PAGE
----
Hiro H1H

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Late production H1H1 on a launching trolly.[1][2]
Role Patrol flying boat
National origin Japan
Manufacturer Hiro Naval Arsenal
First flight 1925
Retired 1938
Primary user IJN Air Service
Produced 1927–1934
Number built 65
Developed from Felixstowe F.5

The Hiro H1H (or Navy Type 15) was a 1920s Japanese bomber or reconnaissance biplane flying boat developed from the Felixstowe F.5 by the Hiro Naval Arsenal for the Imperial Japanese Navy. The aircraft were built by Hiro, the Yokosuka Naval Arsenal and Aichi.[3]

Design and development[edit]

Following licensed production of the Felixstowe F.5 for the Imperial Japanese Navy the company developed an improved version known as the H1H or Navy Type 15. The aircraft was built with three different engine types fitted, the Navy Type 15-I with a wooden hull had longer span upper wings and the Navy Type 15-II had four-bladed propellers. The H1H remained in front line naval service through the 1930s.[1][2][3]


Variant powered by two 450hp (336kW) Lorraine W-12 engines.
Variant powered by either two 450hp (336kW) Lorraine W-12 or two 500hp (373kW) BMW VII engines.
Variant powered by two 450hp (336kW) Lorraine W-12 engines.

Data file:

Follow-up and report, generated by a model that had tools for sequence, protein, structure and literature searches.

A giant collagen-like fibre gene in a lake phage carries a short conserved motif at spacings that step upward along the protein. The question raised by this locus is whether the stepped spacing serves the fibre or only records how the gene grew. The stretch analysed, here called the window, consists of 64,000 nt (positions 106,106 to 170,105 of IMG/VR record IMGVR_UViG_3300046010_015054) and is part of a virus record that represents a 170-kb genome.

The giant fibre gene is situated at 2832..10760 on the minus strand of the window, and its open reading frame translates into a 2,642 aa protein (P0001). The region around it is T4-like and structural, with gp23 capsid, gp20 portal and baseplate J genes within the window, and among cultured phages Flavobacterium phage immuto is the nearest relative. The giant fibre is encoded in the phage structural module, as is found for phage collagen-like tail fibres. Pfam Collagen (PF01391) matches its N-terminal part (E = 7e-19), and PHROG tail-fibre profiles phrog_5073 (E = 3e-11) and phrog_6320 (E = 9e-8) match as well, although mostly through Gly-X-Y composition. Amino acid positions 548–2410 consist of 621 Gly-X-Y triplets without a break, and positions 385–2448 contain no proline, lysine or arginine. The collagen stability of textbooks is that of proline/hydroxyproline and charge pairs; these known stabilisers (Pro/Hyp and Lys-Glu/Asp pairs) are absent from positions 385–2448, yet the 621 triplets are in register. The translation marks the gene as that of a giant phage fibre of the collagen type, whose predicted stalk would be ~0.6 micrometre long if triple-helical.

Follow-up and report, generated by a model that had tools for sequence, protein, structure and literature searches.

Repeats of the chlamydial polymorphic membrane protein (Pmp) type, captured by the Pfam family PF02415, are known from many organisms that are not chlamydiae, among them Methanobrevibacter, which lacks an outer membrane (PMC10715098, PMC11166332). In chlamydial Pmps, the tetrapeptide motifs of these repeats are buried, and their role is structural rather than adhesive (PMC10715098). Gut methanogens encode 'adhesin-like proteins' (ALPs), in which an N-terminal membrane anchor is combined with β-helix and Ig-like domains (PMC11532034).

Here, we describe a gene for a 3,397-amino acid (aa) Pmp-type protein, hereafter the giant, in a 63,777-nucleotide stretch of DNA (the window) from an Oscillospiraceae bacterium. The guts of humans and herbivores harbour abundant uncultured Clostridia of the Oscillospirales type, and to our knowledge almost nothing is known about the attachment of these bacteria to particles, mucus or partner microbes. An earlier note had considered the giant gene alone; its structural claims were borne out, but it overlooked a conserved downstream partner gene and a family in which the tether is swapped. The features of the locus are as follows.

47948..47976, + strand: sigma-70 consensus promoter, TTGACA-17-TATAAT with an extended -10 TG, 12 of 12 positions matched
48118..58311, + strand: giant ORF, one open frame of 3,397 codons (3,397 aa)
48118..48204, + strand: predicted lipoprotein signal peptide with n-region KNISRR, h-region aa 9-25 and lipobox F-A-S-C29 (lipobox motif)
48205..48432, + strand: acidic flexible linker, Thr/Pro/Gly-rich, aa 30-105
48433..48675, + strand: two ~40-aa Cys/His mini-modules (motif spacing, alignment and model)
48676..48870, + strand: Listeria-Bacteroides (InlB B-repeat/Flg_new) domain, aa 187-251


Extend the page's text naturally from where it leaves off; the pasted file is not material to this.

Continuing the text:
Specifications (H1H1)[edit]

H1H2 side elevation, all-metal hull with Dornier-type external stiffeners.[1][2]

Data from Illustrated Encyclopedia of Aircraft[3]

General characteristics

  • Length: 49 ft 7 in (15.11 m)
  • Wingspan: 75 ft 4½ in (22.97 m)
  • Height: 17 ft 0½ in (5.19 m)
  • Wing area: 1345.53 ft2 (125 m2)
  • Empty weight: 8862 lb (4020 kg)
  • Gross weight: 13448 lb (6100 kg)
  • Powerplant: 2 × Lorraine 12E 12-cylinder piston engine, 450 hp (336 kW) each


  • Maximum speed: 106 mph (170 km/h)
  • Endurance: 14 hours  30 min 


  • 2 × 7.7 mm (0.303 in) machine guns (one at bow cockpit and one midships)
  • up to 300 kg (661 lb) of bombs

See also[edit]

H1H in flight.

Related development

Aircraft of comparable role, configuration and era

Related lists



  1. ^ a b c Mikesh, Robert C.; Abe, Shorzoe (1990). Japanese Aircraft 1910-1941. Maryland 21402: Naval Institute Press Annapolis. ISBN 1-55750-563-2.CS1 maint: location (link)
  2. ^ a b c Januszewski, Tadeusz; Zalewski, Kryzysztof (2000). Japońskie samoloty marynarski 1912-1945. tiel2, Lampart. ISBN 83-86776-00-5.CS1 maint: location (link)
  3. ^ a b c Orbis 1985, p 2173


  • Illustrated Encyclopedia of Aircraft (Part Work 1982-1985). Orbis Publishing.